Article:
By Yasser Latif Hamdani
(This post is solely my opinion. Other PTH editors, in particular maker-founder Raza Rumi and leading editor Raza Raja, have nothing to do with it. I want to make it clear so that they do not feel compulsively compelled to apologise on my behalf again- YLH)
A blog that is (un)critical of PPP, supports (un)secularism, defends organised religion and PPP’s policy of imposing Maulana Sherani- a right wing Islamo-fascist- on the nation has further exposed just how confused these “critical” supporters of the PPP are. In an interview with Nadeem Farooq Paracha, a liberal par excellence and a real hero to all people fighting for sanity in Pakistan, they asked a question that laid bare just how terribly ignorant of history and how bankrupt their ideas are. PTH’s leadership has in the past surrendered to this blog.
“LUBP: Also, can we choose to ignore our nationalist leaders like ZAB, BB, Bizenjo, G. M. Syed, Haider Bux Jatoi and Bacha Khan and their appeal to the masses in our combined struggle for a secular Pakistan or can secularism be constructed simply from Jinnah’s August 11th speech to the Constituent Assembly?
NFP: Legacies – secular or theological – need to be looked and studied critically to see what went right or what went wrong during the time those people associated with the legacies were doing what they have become famous or infamous for.
Of course one can’t but respect the politicians that you have mentioned, but I’d rather look at their weaknesses and vulnerabilities in trying to construct whatever they thought was secularism, or progressivism or liberalism. I am specially critical of ZAB in this respect.
But the truth is, secularists and liberals in Pakistan must stop looking backwards for inspiration. It’s an entirely different Pakistan today. A Pakistan on the brink of turning itself into a Somalia or a myopic, widespread reactive society that instinctively and without much thought is seen to applaud populist narratives brimming with isolationist, intolerant and delusional notions of patriotism, politics and faith.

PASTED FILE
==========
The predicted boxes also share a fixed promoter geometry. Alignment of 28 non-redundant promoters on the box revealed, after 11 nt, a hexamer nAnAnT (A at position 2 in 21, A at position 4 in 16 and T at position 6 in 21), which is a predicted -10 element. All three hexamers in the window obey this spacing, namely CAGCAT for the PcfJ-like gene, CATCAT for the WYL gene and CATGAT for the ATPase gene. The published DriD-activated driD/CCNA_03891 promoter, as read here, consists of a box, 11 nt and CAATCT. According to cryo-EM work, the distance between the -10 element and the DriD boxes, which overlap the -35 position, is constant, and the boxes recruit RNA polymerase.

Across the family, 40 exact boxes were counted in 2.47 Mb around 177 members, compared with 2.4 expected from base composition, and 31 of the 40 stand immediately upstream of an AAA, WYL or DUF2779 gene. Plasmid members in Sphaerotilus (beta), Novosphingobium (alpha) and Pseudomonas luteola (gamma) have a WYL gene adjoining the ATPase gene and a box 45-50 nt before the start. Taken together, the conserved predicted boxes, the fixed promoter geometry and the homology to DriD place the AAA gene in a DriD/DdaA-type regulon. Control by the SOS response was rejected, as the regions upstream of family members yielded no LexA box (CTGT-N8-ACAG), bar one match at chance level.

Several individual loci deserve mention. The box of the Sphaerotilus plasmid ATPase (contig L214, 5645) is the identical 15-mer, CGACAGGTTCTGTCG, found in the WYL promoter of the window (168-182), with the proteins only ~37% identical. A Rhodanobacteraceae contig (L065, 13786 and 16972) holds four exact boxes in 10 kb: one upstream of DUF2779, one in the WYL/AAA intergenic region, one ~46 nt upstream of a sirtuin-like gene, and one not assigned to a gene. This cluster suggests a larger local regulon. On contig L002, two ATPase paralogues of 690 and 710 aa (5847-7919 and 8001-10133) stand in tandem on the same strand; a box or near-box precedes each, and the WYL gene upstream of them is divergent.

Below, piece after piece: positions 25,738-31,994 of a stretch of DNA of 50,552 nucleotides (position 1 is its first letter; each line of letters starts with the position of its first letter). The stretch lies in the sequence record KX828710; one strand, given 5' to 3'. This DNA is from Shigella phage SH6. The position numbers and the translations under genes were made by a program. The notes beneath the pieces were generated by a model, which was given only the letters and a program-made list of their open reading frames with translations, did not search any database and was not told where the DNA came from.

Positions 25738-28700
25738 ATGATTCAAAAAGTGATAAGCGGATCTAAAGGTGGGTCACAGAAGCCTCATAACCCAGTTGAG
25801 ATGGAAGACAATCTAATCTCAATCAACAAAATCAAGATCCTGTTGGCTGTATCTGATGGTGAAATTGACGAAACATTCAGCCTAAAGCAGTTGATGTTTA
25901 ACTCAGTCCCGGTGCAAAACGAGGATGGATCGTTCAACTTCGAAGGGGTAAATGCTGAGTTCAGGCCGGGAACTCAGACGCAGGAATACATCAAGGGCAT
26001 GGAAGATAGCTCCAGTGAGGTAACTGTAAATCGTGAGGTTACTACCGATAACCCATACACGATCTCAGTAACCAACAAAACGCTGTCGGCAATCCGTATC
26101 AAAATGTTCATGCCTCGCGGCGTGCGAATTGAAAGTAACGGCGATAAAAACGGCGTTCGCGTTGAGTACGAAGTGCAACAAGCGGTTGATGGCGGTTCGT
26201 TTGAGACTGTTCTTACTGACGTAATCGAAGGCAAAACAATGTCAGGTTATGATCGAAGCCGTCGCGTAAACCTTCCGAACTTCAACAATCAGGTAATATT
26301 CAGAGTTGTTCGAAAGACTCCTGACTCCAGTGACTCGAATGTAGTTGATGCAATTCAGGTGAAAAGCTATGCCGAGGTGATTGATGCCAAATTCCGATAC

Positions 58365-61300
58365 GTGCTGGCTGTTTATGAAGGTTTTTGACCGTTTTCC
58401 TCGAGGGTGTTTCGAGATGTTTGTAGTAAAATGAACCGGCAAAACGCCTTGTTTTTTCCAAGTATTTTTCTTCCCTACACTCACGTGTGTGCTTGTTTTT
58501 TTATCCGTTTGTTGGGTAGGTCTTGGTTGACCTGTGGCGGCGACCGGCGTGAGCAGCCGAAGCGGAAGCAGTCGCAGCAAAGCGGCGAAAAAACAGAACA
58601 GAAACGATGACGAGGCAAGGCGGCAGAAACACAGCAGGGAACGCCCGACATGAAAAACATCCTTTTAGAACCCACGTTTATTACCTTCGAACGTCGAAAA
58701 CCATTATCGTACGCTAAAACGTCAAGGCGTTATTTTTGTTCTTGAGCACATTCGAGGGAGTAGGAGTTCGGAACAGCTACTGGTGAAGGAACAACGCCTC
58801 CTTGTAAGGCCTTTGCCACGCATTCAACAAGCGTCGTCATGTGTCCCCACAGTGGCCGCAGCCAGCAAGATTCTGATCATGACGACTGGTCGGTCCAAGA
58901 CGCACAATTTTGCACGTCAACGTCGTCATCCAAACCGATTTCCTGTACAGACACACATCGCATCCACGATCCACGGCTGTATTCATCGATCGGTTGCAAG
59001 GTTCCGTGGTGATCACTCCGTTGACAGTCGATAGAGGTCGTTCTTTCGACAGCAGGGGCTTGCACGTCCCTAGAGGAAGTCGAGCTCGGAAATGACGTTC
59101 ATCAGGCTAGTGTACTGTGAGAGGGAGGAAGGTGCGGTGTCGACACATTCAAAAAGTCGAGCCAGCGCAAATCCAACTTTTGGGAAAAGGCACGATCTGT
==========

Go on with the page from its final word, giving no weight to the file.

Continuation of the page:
Like I said, enough of the apologetics. I personally have no doubts about me being a Muslim Pakistani. I believe in God, but why should I have to wear my beliefs on my sleeve? I’ve seen young people wearing T-Shirts saying, ‘I am a Muslim.’ But who is doubting that? I never thought that they were Martians, so why the exhibitionism?
I am a believing Muslim who is a staunch secularist. I do not see a contradiction in this. I do not have to evoke my belief in God, or prove how Jinnah was also a secularist, to make my point.
My points should be proven in showing how the whole idea of a theological state has been disastrous for this country, over and over again, and how if Pakistan has to advance and survive as a cohesive state in the future, it can only do so through democracy and by having a progressive relationship between all of its many ethnicities, religions and sects and with the world at large.”
Now the aforesaid italicised part is ironic… to say the least (and NFP has hinted to it albeit in dabbay chuppay ilfaz).I agree with NFP’s response. However let us try and understand the incredible mindset of the LUBP fascists…. tomorrow if NFP will condemn the attack on Sherry Rahman they will abuse him as “ISI” stooge and pseudo-liberal.
First of all ZAB and BB were not nationalist (as in linguistic or ethnic nationalist) leaders, they were Pakistani nationalist leaders. ZAB’s policies in Balochistan etc prove this point whether you support him or oppose him. Furthermore it is forgotten that ZAB was an ultra-Pakistani nationalist- his views as expressed in the 1960s and 1970s would warm the hearts of people like Zaid Hamid… his role in the 1965 war (that turned two peaceful neighbors into warring parties), at Tashkent… his declarations of a 1000 years war with the Hindus… all were contributing factors to irreparably irrevocably wedding the conception of Pakistani Nationalism to anti-India sentiment.